This month, Kruger stars in the French film drama Disorder, about a wealthy housewife and a military vet hired to protect her and her child. Aside from the lure of working with the film’s critically acclaimed director Alice Winocour, Disorder was an irresistible opportunity, says Kruger, because “parts in French films are more interesting for women. In American studio pictures, women are there to support the male protagonist in whatever his storyline is.”
“I didn’t have a great private life until recently. I was always looking for the next thing”
The actress’ next assignment will see her returning to France to begin filming a thriller in which she stars alongside Catherine Deneuve. “I thought Deneuve would be this posh, perfect Parisian, but she’s so not,” says Kruger. “The last time I saw her she was in this fur coat, sitting on one of the driver’s cars outside, smoking a cigarette and holding a glass of wine in the other hand. She’s so cool.”
As her 40th birthday approaches, Kruger says she realizes the self-awareness that comes with age. “I didn’t have a great private life until recently; I was always looking for the next thing. But when I turned 30, I realized I was being an idiot. I was living this accomplished life: I speak three languages, I’ve traveled the world, made good money. I realized that I really don’t know anything about what is going on in the world around me – and I was not so great about knowing myself, either.” She came to the conclusion, she says, to rise above her anxieties: “Now I’m not too self-centered!”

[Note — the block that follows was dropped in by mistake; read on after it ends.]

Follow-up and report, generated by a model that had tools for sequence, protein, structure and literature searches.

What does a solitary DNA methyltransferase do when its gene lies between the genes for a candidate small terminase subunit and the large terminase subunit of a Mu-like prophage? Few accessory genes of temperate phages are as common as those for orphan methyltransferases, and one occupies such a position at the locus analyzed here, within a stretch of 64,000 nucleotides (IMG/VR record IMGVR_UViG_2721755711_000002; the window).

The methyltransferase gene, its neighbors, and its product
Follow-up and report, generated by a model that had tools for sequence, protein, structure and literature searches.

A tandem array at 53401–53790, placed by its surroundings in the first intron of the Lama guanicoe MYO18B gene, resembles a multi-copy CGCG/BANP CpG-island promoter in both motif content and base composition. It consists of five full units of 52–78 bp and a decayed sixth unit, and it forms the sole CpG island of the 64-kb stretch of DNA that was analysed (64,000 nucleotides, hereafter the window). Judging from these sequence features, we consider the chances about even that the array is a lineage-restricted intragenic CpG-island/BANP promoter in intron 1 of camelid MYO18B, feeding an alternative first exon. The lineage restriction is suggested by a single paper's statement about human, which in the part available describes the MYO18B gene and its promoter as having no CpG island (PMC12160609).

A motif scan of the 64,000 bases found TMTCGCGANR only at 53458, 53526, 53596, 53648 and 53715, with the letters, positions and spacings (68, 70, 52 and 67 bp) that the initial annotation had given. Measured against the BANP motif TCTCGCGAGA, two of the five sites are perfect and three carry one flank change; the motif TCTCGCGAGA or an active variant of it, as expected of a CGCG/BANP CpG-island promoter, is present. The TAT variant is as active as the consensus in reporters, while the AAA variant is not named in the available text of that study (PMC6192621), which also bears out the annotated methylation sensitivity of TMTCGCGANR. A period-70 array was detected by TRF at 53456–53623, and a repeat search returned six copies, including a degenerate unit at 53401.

When it comes to Jackson, Kruger admits she doesn’t often watch his TV series The Affair: “He would rather not, with all the sex scenes. I think it brings up uncomfortable conversations.” And as far as marriage goes, she chimes in, “Welcome to my dilemma!” For now, the couple escape together as often as they can for fun-fueled adventures like Coachella festival, which they’ve attended for the past five years, usually renting a house with the designer Jason Wu and a few other friends.
“I’m not scared of fashion. You don’t like my skirt, big deal. Go to hell!”
Designer friendships are fairly commonplace then, but perhaps that is to be expected of a woman who appears on best-dressed lists as often as Kruger. The secret to her sartorial success, it seems, is a lack of fear. “People put a lot of pressure on themselves to look good. You want to be respected. Maybe it’s because I come from fashion, but I’m not scared of it,” she says. “You know, if you don’t like my skirt, big deal. Go to hell!”
While New York is home for now, Kruger is already contemplating her next move – and starting a family. “I feel very European and I think that I’m going to grow old in Paris. I have this fantasy of raising my kids there one day,” she says. “I just can’t imagine living my life sipping cocktails at the Chateau Marmont, you know?”
Wherever she ends up, the actress is determined to enjoy the journey: “It took me a long time to realize that I’m never going to play a better part than my own life.” And what a great role that is.